Mental health inquiries

Prins chaired three mental health inquiries into the care and management of patients that had been offenders.[8] The first was the independent inquiry into the death of Orville Blackwood in 1991.[8][9] By the time he was a well-known academic professor, he authored the Report of the committee of inquiry into the death in Broadmoor Hospital of Orville Blackwood, and a review of the deaths of two other Afro-Caribbean patients: "big, black and dangerous?" (1993), one of the 1990s reports which looked at the experiences of young black men of African-Caribbean origin within the Criminal Justice System (CJS) and mental health services.[10][11] Also known as 'The Prins Inquiry', it investigated the circumstances of Blackwood's death in August 1991 at Broadmoor Hospital, and was "clear" that service provision featured racism.[11][12][13] In the report, Prins was highly critical of how the CJS and mental health services treated young black men, and incorporated the subtitle "big, black and dangerous", a phrase repeatedly and openly used by Broadmoor staff, to reflect the racist labelling that allowed young black men to be restrained rather than receive treatment.[12][10]

The second was the Report of the Independent Panel of Inquiry into the Circumstances Surrounding the Absconsion of Mr. Holland From the Care of the Horizon NHS Trust on 19 August 1996. Horizon NHS Trust, published in 1997, and the third was the Report of the Independent Panel of Inquiry into the Care and Treatment of Sanjay Kumar Patel, Leicester Health Authority, published the following year.[8]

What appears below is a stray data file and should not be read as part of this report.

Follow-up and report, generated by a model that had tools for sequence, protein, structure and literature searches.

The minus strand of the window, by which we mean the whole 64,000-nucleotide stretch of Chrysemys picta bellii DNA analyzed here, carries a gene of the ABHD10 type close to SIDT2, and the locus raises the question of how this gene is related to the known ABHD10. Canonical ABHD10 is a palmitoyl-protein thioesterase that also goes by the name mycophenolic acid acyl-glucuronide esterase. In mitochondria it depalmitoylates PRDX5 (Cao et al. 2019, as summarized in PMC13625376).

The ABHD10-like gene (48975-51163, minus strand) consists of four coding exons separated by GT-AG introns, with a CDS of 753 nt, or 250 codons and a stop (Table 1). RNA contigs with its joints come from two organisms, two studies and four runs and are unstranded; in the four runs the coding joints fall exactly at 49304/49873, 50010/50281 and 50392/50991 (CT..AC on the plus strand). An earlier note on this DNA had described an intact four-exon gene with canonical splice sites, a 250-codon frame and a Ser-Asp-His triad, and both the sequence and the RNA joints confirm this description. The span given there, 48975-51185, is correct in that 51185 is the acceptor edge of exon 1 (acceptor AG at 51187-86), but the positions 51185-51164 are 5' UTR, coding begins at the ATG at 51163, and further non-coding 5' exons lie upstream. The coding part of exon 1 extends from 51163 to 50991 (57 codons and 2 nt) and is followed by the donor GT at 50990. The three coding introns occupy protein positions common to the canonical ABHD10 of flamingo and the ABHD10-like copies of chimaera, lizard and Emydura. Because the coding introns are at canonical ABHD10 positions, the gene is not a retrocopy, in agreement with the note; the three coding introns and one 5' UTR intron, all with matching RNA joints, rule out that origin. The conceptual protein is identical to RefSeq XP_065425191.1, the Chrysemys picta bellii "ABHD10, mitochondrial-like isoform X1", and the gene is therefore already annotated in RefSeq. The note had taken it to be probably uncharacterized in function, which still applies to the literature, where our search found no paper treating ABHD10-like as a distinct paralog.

Other writing

In 1999, Mentally Disordered Offenders: Managing People Nobody Owns, edited by David Webb and Robert Harris, was compiled by his peers.[2]

By 2007, he had written many articles in The Journal of Forensic Psychiatry & Psychology and several books.[4] In 2008, he was made honorary professor of the University of Leicester.[7]

Among high profile cases he wrote about were Peter Sutcliffe[14] and Harold Shipman.[15]

Personal life

Herschel Prins was born in Finchley, north London in 1928, into a Jewish family, son of Louis Prins, a social worker, and Cissie (née Cohen).[16][6] His parents died when he was a teenager, following which he was cared for by family.[6] He left school at the age of 16 years.[6] In 1958, he married Norma (née Cree). They had two children.[6] Following retirement he continued lecturing as professor of forensic criminology at the university at Loughborough and as honorary professor at the University of Leicester.[6] Prins died in 2016, five years after Norma's death.[6]

Selected publications

Articles